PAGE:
Camberley Kate and her dogs

Camberley Kate and her dogs

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The extraordinary life of Camberley Kate

By Zoë Monk Content Writer

Published on the

Camberley Kate’s extraordinary devotion to the welfare of dogs captured the community's hearts and continues to inspire over 40 years later.

Known affectionately as Camberley Kate, Kate Ward became a local legend in Camberley for her tireless efforts in rescuing and caring for stray dogs (and the occasional cat).

Her remarkable story is one of unwavering dedication, endless love and the profound difference one person can make in the lives of others.

Camberley Kate's story

Camberley Kate was born in Middlesbrough on 13th June 1895. Orphaned at a young age, she found herself under the care of a strict religious aunt in Yorkshire. She found great comfort in her love for animals and a deep-rooted desire to make a real difference in their lives.

After working in domestic service for several years and a stint at the Royal Military Academy, she eventually travelled to Camberley, where her journey as a dog rescuer began.

How it all started

In 1943, Kate purchased a small terraced cottage in Yorktown, Camberley and took in her first stray dog, a lame greyhound facing euthanasia. This act of kindness began her lifelong mission to rescue and care for abandoned dogs. As word began to spread that she was taking in dogs, she would find them left in carrier bags on her doorstep, tied to her door, or brought to her by local police.

As the number of dogs she had steadily grew, she asked someone to build her a green wooden cart, which she would fill with her dogs and make a daily four-mile round trip to the town centre to sell postcards with her picture on and collect donations towards the care of the dogs. She would also use the daily trip to collect more dogs from the police station. Kate's green cart was always stocked with meat for the dogs and a shovel to clear away any mess they made on the street. She would keep the dogs in check by using a whistle.

The nickname Camberley Kate is believed to have been given to her by historian Sir Arthur Bryant in his book "The Lion and the Unicorn", and it soon became the name everyone knew her by.

A champion for dogs

As Kate's reputation as a compassionate canine caregiver grew, so too did her pack of beloved dogs. With the support of the local community and the dedicated care of local vet Geoffrey Craddock, Kate's small cottage became a haven for over 600 dogs in her lifetime. Each dog received the utmost care and attention, was regularly exercised, and enjoyed a good dog diet. According to Craddock, most of her dogs would reach the age of 16 thanks to her care.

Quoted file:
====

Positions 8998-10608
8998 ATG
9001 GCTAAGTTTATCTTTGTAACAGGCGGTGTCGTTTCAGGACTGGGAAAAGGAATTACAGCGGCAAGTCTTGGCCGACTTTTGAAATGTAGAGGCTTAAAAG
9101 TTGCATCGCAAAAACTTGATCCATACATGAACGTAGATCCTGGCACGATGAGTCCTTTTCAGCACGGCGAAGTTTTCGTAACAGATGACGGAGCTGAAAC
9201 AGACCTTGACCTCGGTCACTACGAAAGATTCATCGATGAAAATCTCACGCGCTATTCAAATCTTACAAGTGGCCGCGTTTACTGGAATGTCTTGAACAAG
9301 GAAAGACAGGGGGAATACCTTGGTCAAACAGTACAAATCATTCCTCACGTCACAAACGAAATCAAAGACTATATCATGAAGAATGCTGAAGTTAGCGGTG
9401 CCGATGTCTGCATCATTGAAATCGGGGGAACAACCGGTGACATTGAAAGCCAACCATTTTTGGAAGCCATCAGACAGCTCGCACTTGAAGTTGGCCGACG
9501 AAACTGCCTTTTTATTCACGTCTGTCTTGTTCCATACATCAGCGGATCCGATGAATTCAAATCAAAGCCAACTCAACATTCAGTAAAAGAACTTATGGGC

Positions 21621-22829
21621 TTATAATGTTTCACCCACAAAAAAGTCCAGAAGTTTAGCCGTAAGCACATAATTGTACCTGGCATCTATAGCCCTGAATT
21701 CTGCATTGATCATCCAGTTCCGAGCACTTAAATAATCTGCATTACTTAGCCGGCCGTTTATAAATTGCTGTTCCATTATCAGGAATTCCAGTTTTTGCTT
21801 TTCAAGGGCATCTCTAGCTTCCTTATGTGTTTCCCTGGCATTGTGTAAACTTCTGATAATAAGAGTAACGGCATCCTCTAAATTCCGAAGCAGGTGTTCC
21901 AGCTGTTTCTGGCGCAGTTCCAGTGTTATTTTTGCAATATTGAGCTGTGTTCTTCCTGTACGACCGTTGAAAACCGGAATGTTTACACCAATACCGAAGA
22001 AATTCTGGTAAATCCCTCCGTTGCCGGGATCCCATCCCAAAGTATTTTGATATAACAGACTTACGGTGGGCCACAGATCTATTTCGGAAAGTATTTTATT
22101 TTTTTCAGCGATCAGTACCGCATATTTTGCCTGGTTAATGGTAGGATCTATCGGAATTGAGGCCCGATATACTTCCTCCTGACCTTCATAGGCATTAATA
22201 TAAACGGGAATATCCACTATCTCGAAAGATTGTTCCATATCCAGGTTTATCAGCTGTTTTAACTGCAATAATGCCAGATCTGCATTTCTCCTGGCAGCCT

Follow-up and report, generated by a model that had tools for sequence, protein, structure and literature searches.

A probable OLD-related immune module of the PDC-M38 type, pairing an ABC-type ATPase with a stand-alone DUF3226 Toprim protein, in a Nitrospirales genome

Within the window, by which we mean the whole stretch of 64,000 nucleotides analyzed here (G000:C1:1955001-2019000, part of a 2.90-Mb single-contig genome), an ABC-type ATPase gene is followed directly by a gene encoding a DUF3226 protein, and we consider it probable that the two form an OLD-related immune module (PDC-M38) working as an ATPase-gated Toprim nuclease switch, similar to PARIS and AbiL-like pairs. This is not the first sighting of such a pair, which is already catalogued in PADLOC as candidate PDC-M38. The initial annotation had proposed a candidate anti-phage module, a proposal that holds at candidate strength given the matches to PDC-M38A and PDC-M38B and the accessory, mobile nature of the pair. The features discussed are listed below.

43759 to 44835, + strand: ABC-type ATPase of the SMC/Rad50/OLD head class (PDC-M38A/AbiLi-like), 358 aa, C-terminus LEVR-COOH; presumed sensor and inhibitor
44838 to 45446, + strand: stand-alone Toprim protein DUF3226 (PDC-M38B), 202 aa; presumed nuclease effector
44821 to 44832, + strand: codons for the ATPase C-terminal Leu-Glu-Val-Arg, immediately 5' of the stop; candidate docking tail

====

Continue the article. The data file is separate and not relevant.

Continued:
She was also passionate about championing dogs, which saw her fight plans to make it illegal for dogs to be out without a lead in 1969 and accuse the council of being "nothing more than a collection of dog-haters." Kate would also frequently write to the royal family about animal welfare issues and to tell them about her dogs. When dog lover Princess Elizabeth married, one of Kate's dogs sent her a dog lead as a present.

Kate's fame spread during her lifetime. She was featured on several TV programmes, in the national press in the UK, on NBC in the US, and in European publications. Lord Snowdon even photographed Kate for a feature in Time Magazine.

Camberley Kate's death

Camberley Kate died on 4th August 1979 at the age of 84, leaving behind a legacy of compassion and kindness. By the time she died, the number of dogs she’d rescued had grown to a staggering 600, and remarkably, Kate could name every one of them and even recall how they came into her care. 

Her funeral, held at St. Michael's in Yorktown, was a testament to her impact on the community.

What happened to Camberley Kate's dogs after she died?

By the time her health had started to deteriorate, Kate had cut down the number of dogs in her care, and it’s believed she had only seven before she went to live at Kingsclear Residential Home before she died. Fortunately, the growth of other dog rescues, inspired by her work no doubt, helped ease the pressure on her. 

Always thinking about her canine companions, Kate made provisions for the care of her beloved dogs before her passing. A trust fund was established to ensure they would continue receiving the care they needed.

Animal rescue legacy

During Kate's lifetime, unwanted dogs were simply dumped on the street or abandoned at the local police station or vet. But as there weren't any rescues to take them in, Kate would save them from a life on the street. Her tireless efforts to ensure her dogs received love, care, and veterinary attention inspired many others in her community to take in dogs or find ways to support Kate in her work.

 Kate's legacy as a pioneer in animal rescue lives on, inspiring future generations of rescuers.

Remembering Camberley Kate

Camberley Kate, the legendary dog rescuer, left an indelible mark on the town of Camberley and beyond. Her unwavering dedication to saving stray dogs earned her a place in the hearts of many, and her story continues to inspire.

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